What are the most Frequently Asked Questions of Raman Spectrome

  • Raman spectrometers are indispensable tools in laboratory testing. As a Raman spectrometer manufacturer, Drawell is here to address some of the most frequently asked questions about these instruments.

    Raman Spectrometer

    1. Laser Raman Spectroscopy vs. Infrared Spectroscopy

    To grasp the difference between laser Raman spectroscopy and infrared spectroscopy, imagine their spectral shapes. Infrared spectra appear "concave," while Raman spectra are "convex." These two techniques complement each other in several ways:

    Both are vibrational spectra, measuring the excitation or absorption of the ground state with the same energy range.

    Raman is a differential spectrum. Infrared is like buying a Coke for $0.01 – straightforward. Raman, on the other hand, is like investing $1 and getting a Coke plus 90 cents back, but you still know the Coke's price.

    They follow different selectivity rules. Infrared measures changes in molecular dipole moments, while Raman detects changes in molecular polarizability.

    Infrared is known for its strong and easily measurable signal, while Raman typically has a weaker signal.

    They use different wavelength ranges. Infrared relies on mid-infrared light, which can't penetrate many optical materials. Raman, however, offers various wavelength options, from visible light to near-infrared.

    Sample preparation for infrared can be complex and time-consuming, potentially damaging the sample. Raman spectroscopy doesn't face these challenges.

    In most cases, Raman and infrared spectroscopy complement each other, with one being strong where the other is weak.

    2. Blue Shift and Red Shift

    Blue shift and red shift describe shifts in wavelength or wave number:

    Redshift means a wavelength moves toward longer wavelengths and lower frequencies, often seen in astronomical observations.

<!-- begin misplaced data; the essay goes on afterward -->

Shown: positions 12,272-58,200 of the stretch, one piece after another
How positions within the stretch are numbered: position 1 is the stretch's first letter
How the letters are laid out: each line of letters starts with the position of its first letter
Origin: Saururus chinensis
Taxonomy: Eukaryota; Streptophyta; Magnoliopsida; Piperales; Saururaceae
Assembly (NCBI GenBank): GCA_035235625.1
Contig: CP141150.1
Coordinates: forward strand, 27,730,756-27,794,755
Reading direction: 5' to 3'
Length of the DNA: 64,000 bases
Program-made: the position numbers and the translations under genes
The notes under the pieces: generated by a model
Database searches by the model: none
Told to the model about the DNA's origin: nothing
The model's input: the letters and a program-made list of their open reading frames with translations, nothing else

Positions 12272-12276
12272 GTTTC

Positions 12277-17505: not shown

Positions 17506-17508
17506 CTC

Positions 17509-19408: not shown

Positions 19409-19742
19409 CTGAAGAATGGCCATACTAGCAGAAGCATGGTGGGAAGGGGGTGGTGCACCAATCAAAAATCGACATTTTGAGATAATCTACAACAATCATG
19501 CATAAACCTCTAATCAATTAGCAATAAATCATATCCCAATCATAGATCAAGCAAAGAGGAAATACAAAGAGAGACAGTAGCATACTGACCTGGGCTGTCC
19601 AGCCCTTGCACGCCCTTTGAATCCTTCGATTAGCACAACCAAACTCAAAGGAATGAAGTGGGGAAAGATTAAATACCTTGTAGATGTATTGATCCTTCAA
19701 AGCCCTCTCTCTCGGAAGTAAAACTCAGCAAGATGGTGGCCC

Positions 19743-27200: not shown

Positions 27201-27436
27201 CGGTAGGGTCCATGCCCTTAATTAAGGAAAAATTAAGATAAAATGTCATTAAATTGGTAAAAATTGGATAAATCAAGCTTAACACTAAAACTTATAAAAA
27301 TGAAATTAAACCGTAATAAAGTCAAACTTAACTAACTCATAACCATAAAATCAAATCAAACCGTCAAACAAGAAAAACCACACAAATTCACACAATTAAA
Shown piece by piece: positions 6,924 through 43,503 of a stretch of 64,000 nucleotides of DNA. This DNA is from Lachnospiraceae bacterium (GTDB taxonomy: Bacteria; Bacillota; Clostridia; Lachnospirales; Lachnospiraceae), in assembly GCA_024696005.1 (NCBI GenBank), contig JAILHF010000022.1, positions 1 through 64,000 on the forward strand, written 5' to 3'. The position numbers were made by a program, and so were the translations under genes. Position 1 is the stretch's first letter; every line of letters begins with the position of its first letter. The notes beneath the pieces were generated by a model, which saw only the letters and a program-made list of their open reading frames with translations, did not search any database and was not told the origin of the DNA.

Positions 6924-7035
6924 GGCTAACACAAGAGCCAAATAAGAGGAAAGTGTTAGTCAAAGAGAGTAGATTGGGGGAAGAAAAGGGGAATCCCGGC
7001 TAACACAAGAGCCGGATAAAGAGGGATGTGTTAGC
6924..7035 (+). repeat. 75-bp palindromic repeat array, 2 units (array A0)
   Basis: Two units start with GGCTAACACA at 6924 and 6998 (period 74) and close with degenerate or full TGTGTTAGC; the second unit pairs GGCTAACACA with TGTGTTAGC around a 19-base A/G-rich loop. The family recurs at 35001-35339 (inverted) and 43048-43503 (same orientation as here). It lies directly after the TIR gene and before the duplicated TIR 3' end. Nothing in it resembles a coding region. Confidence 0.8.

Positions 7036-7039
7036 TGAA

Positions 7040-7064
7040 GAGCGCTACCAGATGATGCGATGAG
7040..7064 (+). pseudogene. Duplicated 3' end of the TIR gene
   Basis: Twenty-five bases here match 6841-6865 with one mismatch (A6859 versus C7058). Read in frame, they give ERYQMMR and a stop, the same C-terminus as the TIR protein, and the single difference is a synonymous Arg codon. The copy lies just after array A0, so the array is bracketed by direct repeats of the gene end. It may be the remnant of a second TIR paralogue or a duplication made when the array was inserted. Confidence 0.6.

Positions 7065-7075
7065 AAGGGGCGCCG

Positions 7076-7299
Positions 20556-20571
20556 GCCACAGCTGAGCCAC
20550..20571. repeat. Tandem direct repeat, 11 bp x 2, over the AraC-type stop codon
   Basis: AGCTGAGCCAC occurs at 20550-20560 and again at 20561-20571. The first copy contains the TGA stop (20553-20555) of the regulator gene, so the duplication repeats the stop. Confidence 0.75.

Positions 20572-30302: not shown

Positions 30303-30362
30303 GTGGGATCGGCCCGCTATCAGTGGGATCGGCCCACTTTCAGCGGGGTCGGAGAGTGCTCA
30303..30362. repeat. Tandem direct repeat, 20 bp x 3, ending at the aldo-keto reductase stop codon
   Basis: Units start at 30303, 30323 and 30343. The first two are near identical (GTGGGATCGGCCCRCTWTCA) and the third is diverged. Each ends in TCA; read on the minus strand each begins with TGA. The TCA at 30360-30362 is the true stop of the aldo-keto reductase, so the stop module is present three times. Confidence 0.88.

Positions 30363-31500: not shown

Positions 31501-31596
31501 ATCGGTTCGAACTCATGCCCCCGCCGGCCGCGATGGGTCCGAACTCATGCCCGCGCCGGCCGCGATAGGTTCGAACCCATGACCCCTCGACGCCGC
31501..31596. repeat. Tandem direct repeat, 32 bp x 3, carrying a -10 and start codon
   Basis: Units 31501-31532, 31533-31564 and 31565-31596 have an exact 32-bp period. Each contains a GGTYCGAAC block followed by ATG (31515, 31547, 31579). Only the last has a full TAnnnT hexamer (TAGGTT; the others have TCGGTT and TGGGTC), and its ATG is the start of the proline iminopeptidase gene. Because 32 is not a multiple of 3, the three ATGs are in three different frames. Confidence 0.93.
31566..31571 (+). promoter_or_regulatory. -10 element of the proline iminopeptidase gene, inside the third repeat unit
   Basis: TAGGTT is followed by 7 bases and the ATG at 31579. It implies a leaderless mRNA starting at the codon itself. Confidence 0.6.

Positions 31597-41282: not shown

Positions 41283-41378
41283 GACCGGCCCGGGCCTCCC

Blueshift refers to a shift toward shorter wavelengths and higher frequencies.

    These shifts can also occur in molecular spectroscopy, affecting the position of absorption peaks in chromophores due to factors like molecular interactions and solvents.

    3. Laser Light Sources in Raman Spectrometers

    Raman spectrometers use various laser light sources:

    Argon ion lasers


    Helium-neon lasers

    Solid-state diode-pumped lasers

    Near-infrared lasers (e.g., 785nm)

    Neodymium-doped yttrium aluminum garnet (YAG) lasers (1064nm)

    Dye lasers

    The choice depends on your research object and the need to avoid interference, such as fluorescence.

    DTR3000 Raman Spectrometer

    4. Sample Pretreatment for Laser Raman Testing

    Sample pretreatment in laser Raman testing is generally straightforward. Solids and liquids typically require no pretreatment, while gases can be more challenging, especially if they have low density. Polishing the sample surface or cleaning with solvents like alcohol or acetone is often sufficient.

    5. Choosing the Excitation Wavelength

    The excitation wavelength choice in Raman spectroscopy depends on whether the sample fluoresces under laser excitation. If fluorescence interferes, a different laser should be used. Shorter excitation wavelengths are preferred theoretically, but practical limitations, such as detector sensitivity, can impact the choice.

    6. Fourier Transform Raman Spectroscopy vs. Laser Raman Spectroscopy

    Fourier Transform Raman Spectroscopy uses a near-infrared laser (1064nm) for organic sample analysis with a weak signal.

    Laser Raman Spectroscopy uses lasers of different wavelengths (200-800nm) for high-energy, high-sensitivity measurements.

    Fourier Raman can reduce fluorescence interference.

    It is generally more affordable.

    Dispersion laser Raman is more popular among users.

    In conclusion, these FAQs provide insights into Raman spectrometers, but there's more to explore. If you seek further information or wish to find the right Raman spectrometer for your needs, please don't hesitate to contact us. We'll guide you to the ideal product.